The characters are quite a colorful bunch, though I do feel that there could have been more in terms of development. Kyon, while certainly the most average of the bunch, is quite a likeable character. Kyon is very easy to relate to and while some might appreciate being involved with SOS Brigade type situations more than others, it is often quite easy to connect with Kyon and sympathize with him as he is dragged into troublesome ordeals. Kyon is the cynical and sarcastic narrator, and his remarks are often some of the most amusing parts of what takes place. In contrast, Haruhi is an upbeat, excitable, and eager personality that cannot stop exploring for something exciting. If nothing else, Haruhi is an entertaining character to watch and she does add a lot of spirit to what takes place, even if what she’s doing is far from logical. Nagato, my personal favorite in the cast, appears expressionless and yet has a lot to offer the series. Not only is Nagato quite amusing with her emotionless demeanor during comedy scenes, but she is also closely involved with the more serious events of the story and proves to be very reliable on many occasions. Nagato’s interactions with Kyon were just as enjoyable as Haruhi’s and I’ve heard that said interactions play a huge role in Disappearance so I have high hopes for that. Asahina is a decent character, though it seems with the exception of a few important scenes, much of her screentime is dedicated to comic relief with either her clumsiness or her mistreatment by Haruhi, usually both in fact. Then there’s Koizumi, who I’m pretty fond of. While Koizumi isn’t quite on the frontlines as some of the other characters are, he still plays quite an important role and has some good scenes. Not to mention his interactions with Kyon typically tend to be hilarious. Or perhaps it’s just that I really enjoyed his Edgeworth impressions with the Remote Island Syndrome arc? Anywho, these are the stars of the cast, and while there are a decent share of other characters, most of them aren’t nearly so important in comparison. Those five are pretty likable, though I do feel there wasn’t nearly as much development as I would’ve liked. There were some great moments with that, however, and this is only the first season so I imagine there’s more to come.
It’s interesting how I’ve been aware of Haruhi for so long yet only just recently got to it. Haruhi seems to be Kyoto Animation’s big hit, yet it wasn’t until after I’ve acquainted myself with a few other KyoAni works that I actually got around to Haruhi. While I can’t say all of the KyoAni works I’ve seen are exactly like Haruhi and it’s hard to say how much Haruhi has shaped the future works of the studio, it’s interesting to note that every single anime I’ve seen from KyoAni has a school setting and the cutesy moe style to some degree. I imagine that the success of Haruhi probably played a huge role in KyoAni focusing on such series, which I can’t say is a bad thing. Even though all those KyoAni series fit into the previously mentioned mold, it would be inaccurate to say that they are a bunch of Haruhi clones. Some of these series definitely have more connections to Haruhi than others, though I do feel each of them has something to help it stand out. Surprisingly enough, while I did enjoy Haruhi a good deal, it’s far from being one of my favorite KyoAni series. I would place it above series such as Hyouka and Kyoukai no Kanata, but I gathered more enjoyment from Clannad (which was to be expected anyway), Chuunibyou, and Kanon. I suppose what really put those three above Haruhi for me were probably the drama and character development, two things that I really tend to love. Such elements were expected from Clannad and Kanon due to my attachment to Key series, but Chuunibyou was quite a pleasant surprise. I found that Chuunibyou is quite similar to Haruhi in a variety of ways, though Chuunibyou’s themes were very different and that certainly made it stand out as a series. Hyouka also shares some similarities to Haruhi as well, though it lacks the supernatural element and gives much more focus to the mystery aspect. I actually haven’t seen all too many KyoAni series, though I’ve seen enough to say I’m a fan and it was interesting to compare a work such as Haruhi from the other anime by this studio, some of which are considerably newer.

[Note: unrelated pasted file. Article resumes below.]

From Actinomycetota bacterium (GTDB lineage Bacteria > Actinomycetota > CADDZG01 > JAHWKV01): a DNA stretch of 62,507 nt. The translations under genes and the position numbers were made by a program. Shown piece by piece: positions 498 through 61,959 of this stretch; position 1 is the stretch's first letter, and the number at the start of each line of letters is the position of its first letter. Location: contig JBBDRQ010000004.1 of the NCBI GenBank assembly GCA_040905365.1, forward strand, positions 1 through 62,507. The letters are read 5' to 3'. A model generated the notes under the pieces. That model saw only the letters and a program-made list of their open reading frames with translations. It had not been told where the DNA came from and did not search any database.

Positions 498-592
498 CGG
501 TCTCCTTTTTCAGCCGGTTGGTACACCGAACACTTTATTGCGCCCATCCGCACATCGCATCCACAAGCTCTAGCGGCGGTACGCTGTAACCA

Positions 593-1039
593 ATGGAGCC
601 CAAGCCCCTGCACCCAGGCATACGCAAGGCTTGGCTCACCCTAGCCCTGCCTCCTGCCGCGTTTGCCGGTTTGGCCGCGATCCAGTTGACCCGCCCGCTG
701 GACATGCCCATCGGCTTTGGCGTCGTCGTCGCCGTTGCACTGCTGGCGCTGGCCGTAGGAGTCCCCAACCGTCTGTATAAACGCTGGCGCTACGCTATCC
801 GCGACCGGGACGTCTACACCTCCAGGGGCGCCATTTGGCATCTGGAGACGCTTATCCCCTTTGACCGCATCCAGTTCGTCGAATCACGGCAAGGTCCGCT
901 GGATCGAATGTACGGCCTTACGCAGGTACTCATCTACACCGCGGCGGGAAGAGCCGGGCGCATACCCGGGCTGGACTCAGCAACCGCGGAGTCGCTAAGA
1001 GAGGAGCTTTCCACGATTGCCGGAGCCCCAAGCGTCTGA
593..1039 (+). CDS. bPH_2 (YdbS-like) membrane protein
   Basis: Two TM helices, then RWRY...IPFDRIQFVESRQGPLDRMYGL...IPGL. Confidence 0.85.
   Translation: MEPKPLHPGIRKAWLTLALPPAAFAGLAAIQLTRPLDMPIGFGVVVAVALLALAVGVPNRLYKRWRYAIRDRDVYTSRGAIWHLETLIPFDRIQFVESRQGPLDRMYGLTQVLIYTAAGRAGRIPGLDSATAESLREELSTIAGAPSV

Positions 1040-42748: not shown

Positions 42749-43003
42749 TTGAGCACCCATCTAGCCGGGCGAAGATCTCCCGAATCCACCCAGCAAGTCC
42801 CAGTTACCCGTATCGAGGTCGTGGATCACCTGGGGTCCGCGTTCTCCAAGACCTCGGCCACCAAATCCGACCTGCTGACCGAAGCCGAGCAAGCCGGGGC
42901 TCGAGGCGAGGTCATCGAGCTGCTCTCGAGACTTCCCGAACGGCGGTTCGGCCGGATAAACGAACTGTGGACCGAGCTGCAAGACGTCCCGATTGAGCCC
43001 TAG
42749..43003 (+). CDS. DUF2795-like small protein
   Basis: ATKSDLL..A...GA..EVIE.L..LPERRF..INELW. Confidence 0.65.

Haruhi was an enjoyable watch, and while I can’t say it was the most groundbreaking of series entertainment wise, it certainly has its value and I can see why people enjoyed it so. It’s an easy series to get into and considering when it was made, it did quite a bit to influence some of the series that would succeed it. The story was engaging at its best and even the comedy filler material was enjoyable, though it is one of the more comedic, high energy school series with that touch of supernatural so I suppose it might be too much to ask for a particularly complex story. The characters were likable overall, though development was pretty limited and there were only a few (great as they were) moments where growth could be seen. Of course, like mentioned before, this is only the first season. While I can’t say my hopes for season 2 are especially great (Endless Eight seems more than intimidating), it’s Disappearance that I truly have great expectations for and it’d be much too early to make a quick judgment on the series with this in mind. Having finished season 1 of Haruhi, I would rate it an 8/10, though I do hope that the later installments can bring the series to even more greatness. If what I’ve heard about Disappearance all this time is true, I have no doubt they shall.